Principles of a NIC

For our project, crafting coherence among a networked improvement community (NIC) involves a process of several groups working collaboratively to support student learning through the implementation of the NGSS.  Given the challenges and opportunities of this work, a transformative project was envisioned to further develop and research a multi-level, multi-directional learning and innovation NIC. This NIC has emerged out of initial concentrated and strategic planning to collaborate with connected working groups at multiple levels across the complex local, regional, and a national education system that can learn with and from one another through applying NIC principles in context-specific ways.

Bryk, Gomez, Grunow, LeMahieu (2015) suggest the following four principles of a NIC.  Each principle is followed by brief statements of how it relates to this project.

(1) A well-specified common aim 

Implementation of NGSS to support transformative and equitable STEM teaching and learning that differs greatly from the historical types of classroom instruction and participation structures that have been found in U.S. classrooms.

(2) Deep understanding of the problem, the system that produces it, and shared working theory to improve it;

Across the NIC groups, we have begun to exam the experiences, foci, and challenges of the different NIC members within the working groups (e.g., mentor teachers classrooms, district partner classrooms) and working groups to determine what is working or not working for whom and for what reasons across the different contexts in the NIC.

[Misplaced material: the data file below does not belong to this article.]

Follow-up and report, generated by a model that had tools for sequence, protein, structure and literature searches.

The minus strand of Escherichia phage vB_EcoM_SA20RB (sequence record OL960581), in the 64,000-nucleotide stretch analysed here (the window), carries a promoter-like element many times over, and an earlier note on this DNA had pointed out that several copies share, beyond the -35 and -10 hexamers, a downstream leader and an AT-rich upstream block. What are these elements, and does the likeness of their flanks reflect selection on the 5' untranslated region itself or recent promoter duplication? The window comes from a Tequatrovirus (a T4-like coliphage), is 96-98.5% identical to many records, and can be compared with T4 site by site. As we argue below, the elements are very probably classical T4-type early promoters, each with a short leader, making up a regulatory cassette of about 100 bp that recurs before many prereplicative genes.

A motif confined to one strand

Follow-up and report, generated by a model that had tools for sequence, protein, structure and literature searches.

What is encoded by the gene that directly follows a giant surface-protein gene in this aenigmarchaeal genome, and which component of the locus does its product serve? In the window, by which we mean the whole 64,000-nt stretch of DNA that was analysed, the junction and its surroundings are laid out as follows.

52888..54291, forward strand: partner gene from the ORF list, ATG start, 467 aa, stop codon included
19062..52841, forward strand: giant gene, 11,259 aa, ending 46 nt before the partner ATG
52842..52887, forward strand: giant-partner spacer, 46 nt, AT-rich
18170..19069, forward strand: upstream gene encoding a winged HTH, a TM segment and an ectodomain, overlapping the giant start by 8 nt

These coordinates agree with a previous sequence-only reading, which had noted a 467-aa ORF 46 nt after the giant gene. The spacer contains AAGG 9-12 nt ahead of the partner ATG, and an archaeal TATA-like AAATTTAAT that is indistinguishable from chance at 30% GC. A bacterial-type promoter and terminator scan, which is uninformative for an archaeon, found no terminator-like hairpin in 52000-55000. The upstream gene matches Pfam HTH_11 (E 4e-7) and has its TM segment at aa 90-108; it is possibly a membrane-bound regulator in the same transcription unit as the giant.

(3) Drawing on methods of improvement research to develop, test, and refine interventions

Part of the work of the NIC is to consider how local conditions are leading to variations in implementation and ways that knowledge might productively be codified and inscribed in NIC developed, adopted, or adapted tools so that NGSS implementation can be supported, proceed, and collaboratively refined across diverse the diverse settings.

(4) Organized to accelerate interventions and effectively integrate them into varied educational contexts

We work to draw on the wisdom that emerges from the crowd (i.e., across the NIC groups). In this, innovative strategies that emerge connected to bigger problems (e.g., supporting teacher practice) can be capitalized on by the entire network as it becomes clear that the innovation has been shown to be beneficial in terms of supporting teacher practice and student learning.